Structures of the rare-cutting restriction endonuclease NotI reveal a unique metal binding fold involved in DNA binding.

Publication Type:

Journal Article

Source:

Structure (London, England : 1993), Volume 16, Issue 4, p.558-69 (2008)

Keywords:

2008, Amino Acid Sequence, Basic Sciences Division, Binding Sites, Crystallography, X-Ray, Deoxyribonucleases, Type II Site-Specific, DNA, Iron, Models, Molecular, Molecular Sequence Data, Protein Binding, Protein Folding, Protein Structure, Tertiary, Sequence Homology, Amino Acid, Substrate Specificity

Abstract:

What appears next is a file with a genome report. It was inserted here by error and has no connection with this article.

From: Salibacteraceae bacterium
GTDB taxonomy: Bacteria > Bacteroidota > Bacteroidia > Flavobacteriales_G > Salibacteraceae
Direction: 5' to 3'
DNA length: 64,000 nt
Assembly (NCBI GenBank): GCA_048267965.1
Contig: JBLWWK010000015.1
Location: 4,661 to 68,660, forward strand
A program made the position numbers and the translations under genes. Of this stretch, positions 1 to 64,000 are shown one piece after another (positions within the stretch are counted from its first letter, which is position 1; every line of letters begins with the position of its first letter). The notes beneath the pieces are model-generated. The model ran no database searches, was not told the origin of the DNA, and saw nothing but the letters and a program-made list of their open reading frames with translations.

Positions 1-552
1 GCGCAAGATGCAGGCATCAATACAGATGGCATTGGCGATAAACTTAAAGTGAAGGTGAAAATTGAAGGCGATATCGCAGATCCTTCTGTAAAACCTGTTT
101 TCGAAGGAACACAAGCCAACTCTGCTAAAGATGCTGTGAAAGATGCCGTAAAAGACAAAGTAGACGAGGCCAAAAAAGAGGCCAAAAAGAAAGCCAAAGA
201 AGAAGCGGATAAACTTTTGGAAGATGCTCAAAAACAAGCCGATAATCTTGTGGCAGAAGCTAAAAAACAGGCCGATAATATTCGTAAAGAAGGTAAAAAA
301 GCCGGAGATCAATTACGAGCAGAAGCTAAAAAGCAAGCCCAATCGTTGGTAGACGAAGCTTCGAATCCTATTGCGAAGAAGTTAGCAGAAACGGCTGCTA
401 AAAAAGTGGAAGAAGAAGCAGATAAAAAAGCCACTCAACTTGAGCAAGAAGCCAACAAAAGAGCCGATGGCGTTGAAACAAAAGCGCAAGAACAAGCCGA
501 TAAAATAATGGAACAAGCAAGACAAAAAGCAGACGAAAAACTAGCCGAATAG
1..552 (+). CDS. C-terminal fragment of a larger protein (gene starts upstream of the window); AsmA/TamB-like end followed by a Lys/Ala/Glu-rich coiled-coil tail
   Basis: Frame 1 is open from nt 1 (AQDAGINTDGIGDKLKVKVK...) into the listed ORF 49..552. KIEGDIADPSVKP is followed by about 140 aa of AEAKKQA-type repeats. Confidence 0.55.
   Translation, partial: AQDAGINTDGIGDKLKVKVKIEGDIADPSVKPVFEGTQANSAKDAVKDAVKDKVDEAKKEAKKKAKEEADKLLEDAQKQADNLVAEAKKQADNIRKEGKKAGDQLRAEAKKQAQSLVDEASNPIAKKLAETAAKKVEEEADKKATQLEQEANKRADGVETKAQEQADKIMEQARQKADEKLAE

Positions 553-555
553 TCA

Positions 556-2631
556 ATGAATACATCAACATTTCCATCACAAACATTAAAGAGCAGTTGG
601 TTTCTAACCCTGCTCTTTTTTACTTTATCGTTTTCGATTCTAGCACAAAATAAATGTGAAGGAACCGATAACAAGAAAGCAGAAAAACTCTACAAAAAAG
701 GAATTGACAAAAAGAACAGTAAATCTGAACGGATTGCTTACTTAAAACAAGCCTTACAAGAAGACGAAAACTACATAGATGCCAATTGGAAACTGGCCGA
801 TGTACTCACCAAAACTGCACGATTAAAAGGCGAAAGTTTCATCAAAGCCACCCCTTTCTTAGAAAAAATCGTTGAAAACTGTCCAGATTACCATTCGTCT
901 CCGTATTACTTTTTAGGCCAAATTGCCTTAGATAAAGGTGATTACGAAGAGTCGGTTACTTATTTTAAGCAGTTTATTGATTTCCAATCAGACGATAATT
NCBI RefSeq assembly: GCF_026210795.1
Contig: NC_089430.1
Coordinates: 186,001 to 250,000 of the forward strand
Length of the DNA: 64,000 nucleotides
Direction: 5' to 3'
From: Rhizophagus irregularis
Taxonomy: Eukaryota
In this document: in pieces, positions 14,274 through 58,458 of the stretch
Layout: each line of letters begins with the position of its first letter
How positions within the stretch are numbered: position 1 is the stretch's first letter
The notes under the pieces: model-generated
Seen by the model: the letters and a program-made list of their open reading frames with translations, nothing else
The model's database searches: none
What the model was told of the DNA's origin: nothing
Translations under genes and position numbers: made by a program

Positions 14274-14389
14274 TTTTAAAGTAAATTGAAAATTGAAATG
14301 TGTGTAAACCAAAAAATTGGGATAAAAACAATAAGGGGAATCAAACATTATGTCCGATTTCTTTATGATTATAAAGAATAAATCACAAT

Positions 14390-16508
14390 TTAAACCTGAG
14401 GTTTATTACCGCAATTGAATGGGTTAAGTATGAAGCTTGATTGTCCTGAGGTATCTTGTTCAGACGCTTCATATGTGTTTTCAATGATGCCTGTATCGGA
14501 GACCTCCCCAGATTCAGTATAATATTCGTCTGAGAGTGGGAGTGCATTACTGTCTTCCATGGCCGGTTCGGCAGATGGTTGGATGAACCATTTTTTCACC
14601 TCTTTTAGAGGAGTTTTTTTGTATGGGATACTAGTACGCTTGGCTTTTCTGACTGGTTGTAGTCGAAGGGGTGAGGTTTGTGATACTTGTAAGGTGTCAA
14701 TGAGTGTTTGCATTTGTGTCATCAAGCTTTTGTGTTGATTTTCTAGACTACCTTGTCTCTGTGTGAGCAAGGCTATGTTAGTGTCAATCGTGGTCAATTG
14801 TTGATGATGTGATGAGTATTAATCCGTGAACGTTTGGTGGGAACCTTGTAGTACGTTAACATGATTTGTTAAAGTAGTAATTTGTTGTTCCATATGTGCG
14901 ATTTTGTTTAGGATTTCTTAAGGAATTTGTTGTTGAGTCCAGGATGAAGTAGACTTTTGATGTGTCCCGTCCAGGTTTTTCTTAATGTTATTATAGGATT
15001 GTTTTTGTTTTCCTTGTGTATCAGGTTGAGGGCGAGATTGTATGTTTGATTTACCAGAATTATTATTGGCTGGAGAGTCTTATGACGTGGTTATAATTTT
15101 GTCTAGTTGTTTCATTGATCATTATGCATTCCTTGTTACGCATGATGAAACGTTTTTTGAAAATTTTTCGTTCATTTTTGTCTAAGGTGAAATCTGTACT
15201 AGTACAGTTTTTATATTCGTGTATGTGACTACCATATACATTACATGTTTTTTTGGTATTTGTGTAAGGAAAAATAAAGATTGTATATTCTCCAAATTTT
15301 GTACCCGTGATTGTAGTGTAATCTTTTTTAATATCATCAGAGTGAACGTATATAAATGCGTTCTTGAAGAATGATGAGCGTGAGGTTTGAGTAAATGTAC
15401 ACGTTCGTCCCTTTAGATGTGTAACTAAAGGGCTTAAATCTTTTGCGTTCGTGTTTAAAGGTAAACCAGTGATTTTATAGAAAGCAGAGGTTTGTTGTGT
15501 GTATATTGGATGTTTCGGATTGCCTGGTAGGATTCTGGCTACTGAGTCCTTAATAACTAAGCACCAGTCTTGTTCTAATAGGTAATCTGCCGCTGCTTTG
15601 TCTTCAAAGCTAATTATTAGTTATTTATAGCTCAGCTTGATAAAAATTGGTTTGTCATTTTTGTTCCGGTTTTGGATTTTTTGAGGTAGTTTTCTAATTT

The structure of the rare-cutting restriction endonuclease NotI, which recognizes the 8 bp target 5'-GCGGCCGC-3', has been solved with and without bound DNA. Because of its specificity (recognizing a site that occurs once per 65 kb), NotI is used to generate large genomic fragments and to map DNA methylation status. NotI contains a unique metal binding fold, found in a variety of putative endonucleases, occupied by an iron atom coordinated within a tetrahedral Cys4 motif. This domain positions nearby protein elements for DNA recognition, and serves a structural role. While recognition of the central six base pairs of the target is accomplished via a saturated hydrogen bond network typical of restriction enzymes, the most peripheral base pairs are engaged in a single direct contact in the major groove, reflecting reduced pressure to recognize those positions. NotI may represent an evolutionary intermediate between mobile endonucleases (which recognize longer target sites) and canonical restriction endonucleases.